View Full Version : Advice on avoiding "blue" chrome pipes

01-23-2010, 10:07 PM
I've got some new pipes on the way for my Triumph. The old timer I bought the bike from recommended painting the inside of the new pipes with High-Temp paint to avoid bluing. Does anyone know if this works...if not, can anyone recommend what to do to avoid the blue?

01-23-2010, 10:59 PM
The "oldtimer" is right ...Tape the end shut fill that pipe with paint roll it around tape the other end after a bit repeat process from opposite end let dry ...it works if done right...

01-24-2010, 4:26 AM
Or just jet it right !

01-24-2010, 7:05 AM
thanks KT...can you suggest a type/brand of paint? Would hi-temp engine enamel work?

--Trumpnut, I assure you I'm going to try and dial in the carbs to avoid bluing altogether. This is my first build and I'm no Amal expert by any stretch!

01-24-2010, 8:50 AM
I'ved heard of the painting trick,never tried it though. I tend to just run my mix a little on the fat side.

01-24-2010, 10:36 AM
I've got some new pipes on the way for my Triumph. The old timer I bought the bike from recommended painting the inside of the new pipes with High-Temp paint to avoid bluing. Does anyone know if this works...if not, can anyone recommend what to do to avoid the blue?

Pipe bluing is an indicator of other issues, like too lean of mixture or incorrect timing. too advanced and too retarded will cause this. when all the setting are correct you may get a little gold on the pipes but never blue or black.
When we do a new motor we use a set of old pipes to tune in the engine.and we use an infra-red temp measuring gun to set the mixture and on dual carb bikes to equalize the carbs.
Bluing will happen sometimes on bikes with Hunt mags because they have a fixed timing setting at idle (38 deg.) and no advance mechanism. but you can fatten up the pilot circuit to compensate
for this.

01-24-2010, 11:02 AM
Others are correct in the fact if set right you shouldnt get discoloring except for maybe some gold ..my pipes are gold , as far as the paint to use I used a 2500 degree spray paint they sell at auto stores but it wasnt engine paint ...cause it was a flat paint ...

01-24-2010, 12:29 PM
Any quality brand name high temp paint will work. I sold lots of pipes along with a can of paint over the years. It works if your bike is setup right. Don't expect miracles.

01-24-2010, 12:59 PM
Ign. timing and jetting go hand in hand . So does cam timing .

You can turn a blued pipe back to a more yellow just by getting the tuning close .

If this is your first build and you really want to get the triumph running tits then find a hill about 1/2 long orso and do a plug chop in all three ranges . Spend the time now and your bike will be way more reliable in the long run plus you will see how good it really runs so you could compair it to itself down the road .

01-24-2010, 6:47 PM
+1... on that. All the while I took trying to tune my trump correctly (with a Mag) my new pipes turned a dark blue. When I finally got her dialed in, the color actually changed to a goldish color. I was amazed , I thought once it turned blue that was it.

01-24-2010, 7:17 PM
Metals especially chrome and stainless can go through a multitude of colors when heat is applied in different degrees and cooling time....I remember Tig welding 14" vapor tubes made of stainless steel at GP would look like a rainbow when done....golds purples blues reds always found metal to be the most interesting material to work with...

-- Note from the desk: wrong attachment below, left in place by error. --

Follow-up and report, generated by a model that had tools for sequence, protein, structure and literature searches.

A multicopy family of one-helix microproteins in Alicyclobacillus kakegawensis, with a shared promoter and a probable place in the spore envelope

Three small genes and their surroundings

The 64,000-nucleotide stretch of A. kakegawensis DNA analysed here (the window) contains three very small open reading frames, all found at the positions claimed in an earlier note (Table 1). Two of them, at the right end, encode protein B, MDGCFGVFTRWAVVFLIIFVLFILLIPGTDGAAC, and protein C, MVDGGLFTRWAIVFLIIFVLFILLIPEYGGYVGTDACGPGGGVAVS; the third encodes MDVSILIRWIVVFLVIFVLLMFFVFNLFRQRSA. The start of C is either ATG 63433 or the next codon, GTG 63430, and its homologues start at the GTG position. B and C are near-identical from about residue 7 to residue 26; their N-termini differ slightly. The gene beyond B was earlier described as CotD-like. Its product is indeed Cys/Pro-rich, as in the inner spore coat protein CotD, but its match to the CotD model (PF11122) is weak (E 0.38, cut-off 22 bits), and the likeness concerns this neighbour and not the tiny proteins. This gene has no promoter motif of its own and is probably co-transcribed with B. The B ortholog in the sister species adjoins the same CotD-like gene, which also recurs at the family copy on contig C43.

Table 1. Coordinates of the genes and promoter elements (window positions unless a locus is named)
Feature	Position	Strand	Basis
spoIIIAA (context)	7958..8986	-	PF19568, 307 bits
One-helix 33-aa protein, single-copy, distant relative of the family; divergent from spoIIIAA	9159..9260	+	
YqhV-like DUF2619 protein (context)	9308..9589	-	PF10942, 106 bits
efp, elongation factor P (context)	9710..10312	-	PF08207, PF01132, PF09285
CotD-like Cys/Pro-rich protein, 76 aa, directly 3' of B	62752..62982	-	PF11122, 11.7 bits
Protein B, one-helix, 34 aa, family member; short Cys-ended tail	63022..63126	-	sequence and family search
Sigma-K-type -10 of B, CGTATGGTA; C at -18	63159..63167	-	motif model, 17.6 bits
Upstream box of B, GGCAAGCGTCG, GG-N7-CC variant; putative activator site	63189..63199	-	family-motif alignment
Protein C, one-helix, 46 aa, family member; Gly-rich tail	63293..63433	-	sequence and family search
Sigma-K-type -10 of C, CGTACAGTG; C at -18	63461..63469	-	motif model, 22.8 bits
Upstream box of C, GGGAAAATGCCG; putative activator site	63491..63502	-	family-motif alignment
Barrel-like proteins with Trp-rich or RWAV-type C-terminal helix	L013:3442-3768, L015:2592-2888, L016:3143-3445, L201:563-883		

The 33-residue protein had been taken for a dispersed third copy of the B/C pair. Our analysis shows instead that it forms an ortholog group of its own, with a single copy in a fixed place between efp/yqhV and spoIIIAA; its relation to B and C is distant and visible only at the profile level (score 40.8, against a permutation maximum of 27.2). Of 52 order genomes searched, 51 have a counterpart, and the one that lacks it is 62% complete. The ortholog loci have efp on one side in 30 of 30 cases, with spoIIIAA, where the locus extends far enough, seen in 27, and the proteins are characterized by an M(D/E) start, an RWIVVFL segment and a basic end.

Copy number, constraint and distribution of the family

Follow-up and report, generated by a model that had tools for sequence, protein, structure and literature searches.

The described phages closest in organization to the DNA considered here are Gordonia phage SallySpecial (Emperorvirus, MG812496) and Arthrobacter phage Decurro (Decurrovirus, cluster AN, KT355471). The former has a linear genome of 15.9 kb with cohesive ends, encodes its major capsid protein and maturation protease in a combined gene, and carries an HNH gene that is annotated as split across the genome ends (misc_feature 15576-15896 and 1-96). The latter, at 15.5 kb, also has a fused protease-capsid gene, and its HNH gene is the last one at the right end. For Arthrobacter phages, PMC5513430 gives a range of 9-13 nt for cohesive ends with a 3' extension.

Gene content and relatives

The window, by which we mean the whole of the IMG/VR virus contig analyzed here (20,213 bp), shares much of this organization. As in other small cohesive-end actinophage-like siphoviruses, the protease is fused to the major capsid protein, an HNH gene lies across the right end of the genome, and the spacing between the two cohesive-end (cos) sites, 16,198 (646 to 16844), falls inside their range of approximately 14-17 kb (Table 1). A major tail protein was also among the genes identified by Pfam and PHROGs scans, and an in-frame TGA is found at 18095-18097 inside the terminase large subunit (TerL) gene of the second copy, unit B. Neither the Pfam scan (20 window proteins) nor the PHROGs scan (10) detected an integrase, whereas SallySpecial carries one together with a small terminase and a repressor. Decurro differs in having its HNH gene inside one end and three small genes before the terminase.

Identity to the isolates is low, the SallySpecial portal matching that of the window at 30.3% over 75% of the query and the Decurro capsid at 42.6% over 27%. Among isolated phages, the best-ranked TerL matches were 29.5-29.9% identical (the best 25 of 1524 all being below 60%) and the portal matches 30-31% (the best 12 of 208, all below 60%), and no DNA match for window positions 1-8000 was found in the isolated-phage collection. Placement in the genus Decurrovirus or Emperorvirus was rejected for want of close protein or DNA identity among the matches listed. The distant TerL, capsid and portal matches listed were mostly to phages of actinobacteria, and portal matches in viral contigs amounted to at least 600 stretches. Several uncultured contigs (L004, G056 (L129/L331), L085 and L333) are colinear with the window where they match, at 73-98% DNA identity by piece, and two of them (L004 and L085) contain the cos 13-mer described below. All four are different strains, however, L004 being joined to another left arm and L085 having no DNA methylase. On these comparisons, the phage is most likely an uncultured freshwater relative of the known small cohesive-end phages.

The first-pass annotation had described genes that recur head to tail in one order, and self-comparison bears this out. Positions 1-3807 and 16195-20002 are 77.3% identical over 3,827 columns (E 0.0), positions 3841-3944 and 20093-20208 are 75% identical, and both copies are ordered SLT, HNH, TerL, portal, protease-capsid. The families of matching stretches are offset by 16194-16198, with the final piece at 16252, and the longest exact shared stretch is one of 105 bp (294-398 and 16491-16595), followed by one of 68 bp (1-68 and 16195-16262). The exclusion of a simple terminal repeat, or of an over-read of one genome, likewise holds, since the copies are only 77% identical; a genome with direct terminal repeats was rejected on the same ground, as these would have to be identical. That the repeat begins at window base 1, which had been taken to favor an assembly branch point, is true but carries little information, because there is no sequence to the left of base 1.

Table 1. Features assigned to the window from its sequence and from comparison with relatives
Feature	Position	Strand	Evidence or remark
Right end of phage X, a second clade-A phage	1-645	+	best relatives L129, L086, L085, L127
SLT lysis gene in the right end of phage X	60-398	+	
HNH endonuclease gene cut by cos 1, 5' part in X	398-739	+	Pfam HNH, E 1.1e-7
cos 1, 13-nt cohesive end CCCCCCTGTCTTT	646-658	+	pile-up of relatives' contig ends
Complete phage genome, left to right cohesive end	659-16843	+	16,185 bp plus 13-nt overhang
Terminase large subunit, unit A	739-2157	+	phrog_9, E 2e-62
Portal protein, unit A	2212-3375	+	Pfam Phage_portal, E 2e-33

01-25-2010, 8:49 AM
Or just jet it right !

what he said.

01-26-2010, 8:39 AM
Ok guys, keep in mind this is my first time building a bike, let alone a British bike, so keep the noob comments to a minimum.

The Haynes Manual shows main jet 180, Needle position 1, throttle valve 3 as the stock set up. I am planning on running open pipes and the velocity stacks/screens pictured below.

I assume I need to make adjustments to the carb set-up based on the greater amount of air coming from the velocity stacks vs. enclosed stock airbox. Can anyone give advice on where to start? Thanks in advance!http://i92.photobucket.com/albums/l32/ridemore16/106_0358.jpg

01-26-2010, 11:10 AM
I would start with what you said and go from there ...My bike ended up taking a 190 main and 3 ...I have open velocity stacks and open wrap around drag pipes.... But this can depend on elevation, humidity all kinds of enviromental things to take into consideration....And not all bikes are the same ...Some will take a bigger needle and some a smaller one or you might have to move your clip from the middle to one of the other positions...

Give the mix screw 1 1/2 turns and then go from there if you can't adjust it to not be to rich or to lean then you will have to change needle sizes ...But I'd wait till I got into it more to worry ...It may line right out for you ...

I was worried when I started on my first dual carb bike , but soon found it is'nt a mystery or some hard voodoo thing ...you either get to much gas or not enough just find that middle ground ...lots of good Triumph guys on here so the help is available no worries

01-26-2010, 6:46 PM
Aside from 'getting it right'.. Kreem makes a product called Blue Shield. It's a liquid you slosh around inside the pipe that prevents it from bluing.

Kreem Blue Shield (http://www.kreemproducts.net/p-19-blue-shield.aspx)

01-30-2010, 4:52 PM
heat shields work wonders

02-10-2010, 3:17 PM
I saw a great looking Triumph bobber in the last issue of The Horse (Black/Blue bike). That bike had pipes that were coated at a company called "Jet Hot" in North Carolina. I've got my pipes there and they should be shipping back in a few days. They do a lot of coating for the Automotive industry. I can't wait to see how they turn out!